Pieces selected from the Italian poets, by A. Isola, and tr. into Engl. verse by some gentlemen of the University

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Agostino Isola
1784
 

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Page 18 - Here rests his head upon the lap of earth A youth, to fortune and to fame unknown: Fair science frown'd not on his humble birth, And melancholy mark'd him for her own. Large was his bounty, and his soul sincere...
Page 10 - Nor Grandeur hear with a disdainful smile The short and simple annals of the Poor. The boast of heraldry, the pomp of power, And all that beauty, all that wealth e'er gave Await alike th' inevitable hour : — The paths of glory lead but to the grave.
Page 8 - The breezy call of incense-breathing morn, The swallow twittering from the straw-built shed, The cock's shrill clarion, or the echoing horn, No more shall rouse them from their lowly bed. For them no more the blazing hearth shall burn, Or busy housewife ply her evening care; No children run to lisp their sire's return, Or climb his knees the envied kiss to share.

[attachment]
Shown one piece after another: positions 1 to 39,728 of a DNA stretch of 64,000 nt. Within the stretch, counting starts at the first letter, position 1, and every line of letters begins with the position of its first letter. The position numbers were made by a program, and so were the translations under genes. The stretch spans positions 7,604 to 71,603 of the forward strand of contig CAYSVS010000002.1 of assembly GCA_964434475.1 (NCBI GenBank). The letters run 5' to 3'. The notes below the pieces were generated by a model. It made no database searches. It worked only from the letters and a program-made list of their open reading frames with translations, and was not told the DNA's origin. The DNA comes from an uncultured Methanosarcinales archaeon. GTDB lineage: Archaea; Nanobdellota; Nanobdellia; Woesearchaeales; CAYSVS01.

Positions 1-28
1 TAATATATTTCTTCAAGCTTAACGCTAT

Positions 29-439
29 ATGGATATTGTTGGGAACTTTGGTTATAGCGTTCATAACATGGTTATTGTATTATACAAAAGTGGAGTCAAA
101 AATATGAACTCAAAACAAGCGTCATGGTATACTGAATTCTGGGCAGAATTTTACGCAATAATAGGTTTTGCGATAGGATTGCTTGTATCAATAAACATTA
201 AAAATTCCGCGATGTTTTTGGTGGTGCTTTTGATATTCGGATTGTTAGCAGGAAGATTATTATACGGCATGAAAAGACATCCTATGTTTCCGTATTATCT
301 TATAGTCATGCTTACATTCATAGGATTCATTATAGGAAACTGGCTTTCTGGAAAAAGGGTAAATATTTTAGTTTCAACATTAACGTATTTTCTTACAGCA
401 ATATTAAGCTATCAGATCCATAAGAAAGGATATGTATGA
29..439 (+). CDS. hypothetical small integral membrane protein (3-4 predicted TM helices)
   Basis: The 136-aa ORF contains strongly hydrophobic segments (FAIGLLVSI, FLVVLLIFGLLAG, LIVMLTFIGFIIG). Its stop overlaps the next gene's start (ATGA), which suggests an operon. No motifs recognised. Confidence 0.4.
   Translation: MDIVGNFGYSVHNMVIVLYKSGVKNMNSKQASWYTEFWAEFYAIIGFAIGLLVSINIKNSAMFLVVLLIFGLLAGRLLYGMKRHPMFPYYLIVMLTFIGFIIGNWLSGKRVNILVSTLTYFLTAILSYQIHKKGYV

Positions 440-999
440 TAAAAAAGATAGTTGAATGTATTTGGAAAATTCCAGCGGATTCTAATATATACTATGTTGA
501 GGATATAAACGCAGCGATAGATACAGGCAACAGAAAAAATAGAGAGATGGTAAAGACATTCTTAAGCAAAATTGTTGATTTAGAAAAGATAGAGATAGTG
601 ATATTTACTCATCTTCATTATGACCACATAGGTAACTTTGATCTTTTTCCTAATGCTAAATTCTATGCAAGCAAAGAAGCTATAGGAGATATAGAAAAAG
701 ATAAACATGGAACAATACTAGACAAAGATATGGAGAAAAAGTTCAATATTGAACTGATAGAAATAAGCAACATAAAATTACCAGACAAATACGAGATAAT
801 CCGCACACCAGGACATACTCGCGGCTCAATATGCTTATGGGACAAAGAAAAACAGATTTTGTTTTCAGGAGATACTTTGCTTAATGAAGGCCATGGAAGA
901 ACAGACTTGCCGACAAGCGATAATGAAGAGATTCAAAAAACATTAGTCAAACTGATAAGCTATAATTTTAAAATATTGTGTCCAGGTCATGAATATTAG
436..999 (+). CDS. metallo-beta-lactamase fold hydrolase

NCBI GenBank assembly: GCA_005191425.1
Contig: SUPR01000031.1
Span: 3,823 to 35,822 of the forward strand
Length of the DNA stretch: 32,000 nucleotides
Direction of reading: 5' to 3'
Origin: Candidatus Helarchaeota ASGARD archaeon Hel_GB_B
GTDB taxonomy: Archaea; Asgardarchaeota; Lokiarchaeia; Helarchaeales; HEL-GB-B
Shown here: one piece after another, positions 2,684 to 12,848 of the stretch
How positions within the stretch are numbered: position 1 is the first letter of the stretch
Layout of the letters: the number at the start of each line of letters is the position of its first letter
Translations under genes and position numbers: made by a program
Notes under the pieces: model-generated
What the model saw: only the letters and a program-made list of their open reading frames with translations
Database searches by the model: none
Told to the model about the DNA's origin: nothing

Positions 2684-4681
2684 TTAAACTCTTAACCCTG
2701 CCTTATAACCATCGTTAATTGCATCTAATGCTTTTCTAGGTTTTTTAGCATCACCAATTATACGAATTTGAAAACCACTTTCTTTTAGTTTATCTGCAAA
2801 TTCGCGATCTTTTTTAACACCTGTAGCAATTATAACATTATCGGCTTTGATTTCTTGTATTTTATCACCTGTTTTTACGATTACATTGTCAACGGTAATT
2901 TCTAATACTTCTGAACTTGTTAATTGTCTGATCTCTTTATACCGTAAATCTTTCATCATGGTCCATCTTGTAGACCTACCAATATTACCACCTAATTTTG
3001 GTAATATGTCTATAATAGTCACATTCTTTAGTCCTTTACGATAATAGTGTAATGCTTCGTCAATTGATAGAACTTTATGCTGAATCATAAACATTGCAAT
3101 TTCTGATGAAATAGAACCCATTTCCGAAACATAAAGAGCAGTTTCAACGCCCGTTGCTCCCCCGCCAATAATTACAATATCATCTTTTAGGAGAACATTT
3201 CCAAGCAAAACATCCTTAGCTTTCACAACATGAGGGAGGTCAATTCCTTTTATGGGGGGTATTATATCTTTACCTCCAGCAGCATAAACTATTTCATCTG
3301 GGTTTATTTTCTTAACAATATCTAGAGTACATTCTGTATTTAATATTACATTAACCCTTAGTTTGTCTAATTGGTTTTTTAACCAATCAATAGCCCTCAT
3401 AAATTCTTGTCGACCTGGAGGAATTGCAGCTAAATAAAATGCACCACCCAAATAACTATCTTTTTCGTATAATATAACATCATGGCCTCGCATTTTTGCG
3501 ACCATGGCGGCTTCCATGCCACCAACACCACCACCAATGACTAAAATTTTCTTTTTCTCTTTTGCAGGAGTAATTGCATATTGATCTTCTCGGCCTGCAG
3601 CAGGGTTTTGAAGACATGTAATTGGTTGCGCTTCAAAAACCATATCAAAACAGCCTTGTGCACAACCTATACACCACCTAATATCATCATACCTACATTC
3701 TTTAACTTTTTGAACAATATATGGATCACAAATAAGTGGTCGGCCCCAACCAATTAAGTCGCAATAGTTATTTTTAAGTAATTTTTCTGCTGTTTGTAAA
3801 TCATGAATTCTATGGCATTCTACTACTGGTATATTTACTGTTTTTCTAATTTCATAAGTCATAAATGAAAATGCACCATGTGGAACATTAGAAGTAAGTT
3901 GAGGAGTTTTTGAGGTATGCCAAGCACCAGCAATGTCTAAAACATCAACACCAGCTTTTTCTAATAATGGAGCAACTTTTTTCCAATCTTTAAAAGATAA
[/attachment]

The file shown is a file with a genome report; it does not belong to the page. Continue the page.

Page 14 - On some fond breast the parting soul relies. Some pious drops the closing eye requires; Ev'n from the tomb the voice of Nature cries, Ev'n in our ashes live their wonted fires. For thee, who mindful of th...
Page 16 - There at the foot of yonder nodding beech That wreathes its old fantastic roots so high, His listless length at noontide would he stretch, And pore upon the brook that babbles by.
Page 6 - THE CURFEW tolls the knell of parting day, The lowing herd winds slowly o'er the lea, The plowman homeward plods his weary way, And leaves the world to darkness and to me.
Page 12 - Or wak'd to extafy the living lyre. But Knowledge to their eyes her ample page Rich with the fpoils of Time did ne'er unroll ; Chill Penury reprefs'd their noble rage, And froze the genial current of the foul.
Page 10 - Await alike th' inevitable hour. The paths of glory lead but to the grave. Nor you, ye Proud, impute to Thefe the fault, If Mem'ry o'er their Tomb no Trophies raife, Where thro' the long-drawn ifle and fretted vault The pealing anthem fwells the note of praife.
Page 8 - Beneath those rugged elms, that yew-tree's shade, Where heaves the turf in many a mould'ring heap, Each in his narrow cell for ever laid, The rude forefathers of the hamlet sleep.
Page 14 - Their name, their years, fpelt by th' unletter'd Mufe, The place of fame and elegy fupply : And many a holy text around fhe ftrews, That teach the ruftic moralift to dye.

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